Del Norte County / Crescent City

Del Norte County lies along the Oregon border, and has some great views of the Pacific Ocean. We visited there on Memorial Day weekend, and altered hours meant we missed out on assembling a BBQ oyster and fresh crab picnic at Crescent Seafood or Melanie Wong’s suggestion of Vita Cucina. We still managed to find some good eats, most on the 101.

  • Wild Rivers Market in Crescent City had a great selection of gourmet and natural food items for picnics/hiking.

  • Perlita’s Authentic Mexican Restaurant in Crescent City makes their flour tortillas from scratch, and their corn tortillas by hand, from maseca. The flour tortillas had toasty aromas and a lovely combo of crisp and chewy textures and was a great foil for the chicken mole. The vegetable huarache was huge, and loaded with lots of great nopales, cheese, and other veggies. It was browned on the bottom and cushiony.
  • Raliberto’s Taco Shop in Crescent City : carne asada was under seasoned and overcooked, no browning whatsoever.


  • Lolita’s Taqueria in Smith River was next door to a Mexican grocery store, and filled with families watching soccer. Chile relleno was the best I’ve had in years, light coating, fresh chile. The sopito with adobada was good— a pillowy sope topped with what tasted like grilled al pastor.
  • Good Harvest Cafe in Crescent City was our breakfast spot two days in a row. Diner classics, with higher quality ingredients and homemade stuff. Huevos rancheros were great, and were topped with sunny side up eggs just how I like them-- runny yolks and brown bottoms. Whole grain bread tastes like Dave’s Killer bread. I also enjoyed the buckwheat pancakes. Oatmeal had a honey option, which was a good pick— the little bowl of honey had some crystallized bits, which added a nice grainy texture to the oatmeal.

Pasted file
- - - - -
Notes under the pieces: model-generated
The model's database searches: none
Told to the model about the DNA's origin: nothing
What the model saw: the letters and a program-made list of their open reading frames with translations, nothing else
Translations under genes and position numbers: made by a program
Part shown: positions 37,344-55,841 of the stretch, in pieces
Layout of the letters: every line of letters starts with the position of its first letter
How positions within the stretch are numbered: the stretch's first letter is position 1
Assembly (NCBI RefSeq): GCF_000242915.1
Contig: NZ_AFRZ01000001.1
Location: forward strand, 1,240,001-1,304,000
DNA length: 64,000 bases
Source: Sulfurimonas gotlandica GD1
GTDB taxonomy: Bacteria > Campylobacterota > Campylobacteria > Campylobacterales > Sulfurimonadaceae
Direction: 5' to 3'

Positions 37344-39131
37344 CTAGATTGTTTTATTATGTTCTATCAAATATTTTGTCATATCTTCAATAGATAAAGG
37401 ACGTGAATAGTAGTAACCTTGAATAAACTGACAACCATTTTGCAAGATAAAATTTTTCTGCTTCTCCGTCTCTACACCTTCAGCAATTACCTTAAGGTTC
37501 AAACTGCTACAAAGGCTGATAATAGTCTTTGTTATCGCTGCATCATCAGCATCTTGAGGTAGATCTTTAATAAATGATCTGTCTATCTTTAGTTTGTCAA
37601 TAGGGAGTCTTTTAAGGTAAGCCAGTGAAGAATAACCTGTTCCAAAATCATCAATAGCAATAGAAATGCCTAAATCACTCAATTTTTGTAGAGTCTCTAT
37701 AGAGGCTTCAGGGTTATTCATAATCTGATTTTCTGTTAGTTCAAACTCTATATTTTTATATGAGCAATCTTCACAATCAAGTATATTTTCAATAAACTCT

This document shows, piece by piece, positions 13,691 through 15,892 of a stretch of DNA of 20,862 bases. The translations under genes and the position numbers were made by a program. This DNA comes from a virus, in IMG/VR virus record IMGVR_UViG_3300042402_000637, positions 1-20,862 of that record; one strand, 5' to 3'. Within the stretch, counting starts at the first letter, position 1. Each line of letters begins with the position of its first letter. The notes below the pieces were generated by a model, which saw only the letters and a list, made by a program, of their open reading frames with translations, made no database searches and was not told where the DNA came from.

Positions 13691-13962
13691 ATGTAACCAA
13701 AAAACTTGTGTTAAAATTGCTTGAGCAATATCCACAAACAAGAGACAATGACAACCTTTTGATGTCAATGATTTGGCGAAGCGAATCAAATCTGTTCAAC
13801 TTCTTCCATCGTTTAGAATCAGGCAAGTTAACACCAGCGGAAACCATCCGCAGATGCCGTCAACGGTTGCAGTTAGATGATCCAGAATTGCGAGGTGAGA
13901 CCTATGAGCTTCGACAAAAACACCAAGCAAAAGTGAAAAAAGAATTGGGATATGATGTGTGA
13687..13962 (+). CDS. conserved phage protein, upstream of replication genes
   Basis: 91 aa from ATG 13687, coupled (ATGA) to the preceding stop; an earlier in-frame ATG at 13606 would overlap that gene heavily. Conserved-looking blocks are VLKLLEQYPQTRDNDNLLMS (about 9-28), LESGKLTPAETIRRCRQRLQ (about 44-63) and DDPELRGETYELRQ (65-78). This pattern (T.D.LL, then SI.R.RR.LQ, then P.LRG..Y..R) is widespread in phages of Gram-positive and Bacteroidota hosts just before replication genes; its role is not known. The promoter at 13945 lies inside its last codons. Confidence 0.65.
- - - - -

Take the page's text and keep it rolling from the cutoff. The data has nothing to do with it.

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On our second triple Del Norte county, over 4th of July weekend, we stayed in Klamath. The stunning coastal views of our first trip transitioned to walks among the giant redwoods. It is more than a 5 hour drive from San Francisco, and the remoteness of this area made it possible to get a motel reservation and a spot for dinner at the a Requa Inn with only a few days lead time.

The Requa Inn serves $35 family-style meals which you share with other visitors. You need to book the 7pm reservation with at least 24 hours. The main dishes at dinner change from night to night, but some of the side dishes stay the same, at least for a short time – – the seasonal menu is sourced from a farm 30 miles north of the hotel.

The food was well executed, interesting, and each communal vessel was filled with more food than the table could eat. My favorite bite of the charcuterie plate was a wild mushroom spread, whose earthiness got emphasized when I bit into the vinegary beads of whole grain mustard that topped it. The two salads, a green salad and a farro and vegetable salad, showcased the quality of their produce and a northern bean purée was a creamy, savory addition to the main, pork tenderloin. A vegetarian at the table was served quiche, and it looked similar to the one Melanie Wong spotted at an event catered by the Requa Inn’s chef (her review prompted me to eat here and has good background info).